James White Movie

July 10, 2016

In yet another tale of nihilistic Manhattan depravity, James White depicts a rowdy, restless, and agonized young man in the crutches of dealing with a world that quite simply does not give a damn. The self-destructive tendency of James, at first hinted when the film begins and then slowly but surely collects damning evidence, shows the underbelly to megalopolitan life. A life which, despite living footsteps away from thousands of people, is lonelier and barren than if it were dropped in the center of one of Earth’s vast deserts.

When an emergency arises, is there anyone there to help? Of course we have seen the pageantry of solidarity when New York has been shell-shocked, but that is when a crisis hits every citizen. What about the continually recurring emergencies that happen every day to citizens far and wide? Ambulances and firemen will walk passed completely apathetic strangers to rescue and resuscitate a life in crisis.

But perhaps the ability for a civilization to aggregate such masses of strangers is a sign of strength not weakness. But then a paradox emerges as it suggests the rural community of tight-knitters which comfort and support themselves as pseudo-families, i.e. communities, is weaker; clarity emerges when we ask which form of organization produces more criminals and self-destroyers like Mr. White. And yet, it is unfair to deem the megapolis as absent of community. No doubt the religious support themselves as they always have. It is simply that an effort is required among the city-dwellers to form such a community. When everything one’s heart desires can be had by exchanging with complete strangers as can be had in major metropolises, the humanity of dealing with a fellow man is erased; everything becomes mechanical and material. The bond of kinship is incomparable to supporting quote family businesses like in the scantly populated lands hours away from the city. Even the commendation of creating family units is devalued. And we can see how painful the consequences are with the encounter of James White.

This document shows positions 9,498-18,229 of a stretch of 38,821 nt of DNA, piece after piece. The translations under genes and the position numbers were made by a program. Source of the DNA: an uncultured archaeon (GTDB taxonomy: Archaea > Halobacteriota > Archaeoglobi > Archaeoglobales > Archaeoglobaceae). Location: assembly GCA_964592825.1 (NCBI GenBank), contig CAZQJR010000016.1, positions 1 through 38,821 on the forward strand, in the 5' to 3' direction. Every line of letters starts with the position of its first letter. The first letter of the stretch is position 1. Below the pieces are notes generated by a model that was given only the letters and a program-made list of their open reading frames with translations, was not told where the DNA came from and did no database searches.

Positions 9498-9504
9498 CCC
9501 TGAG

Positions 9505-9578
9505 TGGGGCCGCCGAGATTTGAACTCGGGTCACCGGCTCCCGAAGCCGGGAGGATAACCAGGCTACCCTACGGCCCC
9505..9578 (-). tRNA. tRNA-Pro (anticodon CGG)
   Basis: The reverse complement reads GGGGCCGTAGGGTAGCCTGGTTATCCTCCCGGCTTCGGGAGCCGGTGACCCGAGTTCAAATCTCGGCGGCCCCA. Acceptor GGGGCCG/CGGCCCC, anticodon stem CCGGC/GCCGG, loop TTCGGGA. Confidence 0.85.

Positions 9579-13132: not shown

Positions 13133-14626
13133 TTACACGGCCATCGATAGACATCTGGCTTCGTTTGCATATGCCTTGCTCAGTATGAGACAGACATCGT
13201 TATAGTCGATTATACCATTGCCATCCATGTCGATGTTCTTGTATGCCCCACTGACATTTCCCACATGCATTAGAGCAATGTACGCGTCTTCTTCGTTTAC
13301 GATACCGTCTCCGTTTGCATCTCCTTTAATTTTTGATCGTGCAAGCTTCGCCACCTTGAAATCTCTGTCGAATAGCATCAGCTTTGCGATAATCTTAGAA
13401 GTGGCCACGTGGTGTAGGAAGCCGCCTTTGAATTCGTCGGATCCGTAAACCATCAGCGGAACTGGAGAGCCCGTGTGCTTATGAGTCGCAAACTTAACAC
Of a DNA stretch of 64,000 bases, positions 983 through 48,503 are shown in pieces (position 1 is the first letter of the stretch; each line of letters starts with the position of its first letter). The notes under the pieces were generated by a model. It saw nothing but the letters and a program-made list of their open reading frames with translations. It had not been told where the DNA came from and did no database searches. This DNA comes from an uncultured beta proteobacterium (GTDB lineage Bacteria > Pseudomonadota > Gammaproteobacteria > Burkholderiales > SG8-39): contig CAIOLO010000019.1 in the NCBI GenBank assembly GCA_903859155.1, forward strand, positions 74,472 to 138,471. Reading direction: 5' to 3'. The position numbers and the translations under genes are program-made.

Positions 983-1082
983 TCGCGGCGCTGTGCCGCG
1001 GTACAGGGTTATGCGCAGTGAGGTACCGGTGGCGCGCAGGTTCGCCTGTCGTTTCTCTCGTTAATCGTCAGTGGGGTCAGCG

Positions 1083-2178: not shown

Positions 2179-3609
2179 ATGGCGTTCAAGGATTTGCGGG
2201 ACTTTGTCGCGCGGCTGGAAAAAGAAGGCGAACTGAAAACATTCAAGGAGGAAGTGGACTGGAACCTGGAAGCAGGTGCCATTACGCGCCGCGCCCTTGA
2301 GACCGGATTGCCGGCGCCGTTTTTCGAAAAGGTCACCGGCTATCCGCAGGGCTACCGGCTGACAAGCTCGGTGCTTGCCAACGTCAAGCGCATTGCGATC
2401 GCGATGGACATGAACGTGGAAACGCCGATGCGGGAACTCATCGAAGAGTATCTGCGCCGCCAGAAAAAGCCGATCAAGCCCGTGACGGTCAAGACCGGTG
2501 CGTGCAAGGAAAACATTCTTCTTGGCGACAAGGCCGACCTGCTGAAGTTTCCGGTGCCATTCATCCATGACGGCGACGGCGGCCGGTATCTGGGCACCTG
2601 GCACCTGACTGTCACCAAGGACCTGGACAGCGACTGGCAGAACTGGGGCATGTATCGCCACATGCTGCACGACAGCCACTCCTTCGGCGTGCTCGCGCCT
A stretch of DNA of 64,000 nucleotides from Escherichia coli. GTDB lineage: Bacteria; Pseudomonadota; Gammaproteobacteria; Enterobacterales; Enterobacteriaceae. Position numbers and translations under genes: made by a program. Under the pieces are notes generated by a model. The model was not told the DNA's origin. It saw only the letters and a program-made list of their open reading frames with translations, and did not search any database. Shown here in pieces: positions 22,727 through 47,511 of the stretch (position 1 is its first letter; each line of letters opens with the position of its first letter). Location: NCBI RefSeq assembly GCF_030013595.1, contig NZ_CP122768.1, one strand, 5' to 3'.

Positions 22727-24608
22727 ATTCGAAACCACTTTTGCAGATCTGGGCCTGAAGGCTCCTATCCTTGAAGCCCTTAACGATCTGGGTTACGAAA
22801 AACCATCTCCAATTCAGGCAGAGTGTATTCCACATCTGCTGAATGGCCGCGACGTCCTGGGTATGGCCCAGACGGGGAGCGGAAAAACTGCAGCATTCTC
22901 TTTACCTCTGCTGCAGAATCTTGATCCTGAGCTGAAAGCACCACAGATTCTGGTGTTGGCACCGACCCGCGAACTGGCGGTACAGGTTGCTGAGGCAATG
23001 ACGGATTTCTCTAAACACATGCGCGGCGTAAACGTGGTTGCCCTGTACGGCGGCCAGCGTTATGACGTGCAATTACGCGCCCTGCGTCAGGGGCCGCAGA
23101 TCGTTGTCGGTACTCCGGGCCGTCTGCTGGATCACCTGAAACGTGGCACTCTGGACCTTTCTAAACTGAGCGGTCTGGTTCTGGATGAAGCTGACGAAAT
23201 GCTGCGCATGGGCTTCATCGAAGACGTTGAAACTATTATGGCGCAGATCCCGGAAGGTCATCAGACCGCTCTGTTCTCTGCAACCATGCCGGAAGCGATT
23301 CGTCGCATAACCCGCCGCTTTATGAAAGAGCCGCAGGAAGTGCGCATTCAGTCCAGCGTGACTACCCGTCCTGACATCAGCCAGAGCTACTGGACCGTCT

His father was absent from his life, which is easy to do when one can hide among the masses averting any sense of shame and humiliation from behaving so badly. His mother, the only one he relied upon it seems, in the meantime developed a serious form of cancer. His support of her slow walk to death reveals very sensitive sore spots on his soul. Perhaps the feeling of complete abandonment inflamed; perhaps his whole life of feeling abandoned and alone is the cause of his utter recklessness and hostility toward others; instead of maintaining modesty and therefore civility, he utters out obnoxiousness, scarring the ground wherever his feet step. He has, simply put, no love in his life, which would quell the bitter pills everyone has to swallow. James White then brutishly shows us the demand to create love to avoid being shipwrecked by fate.


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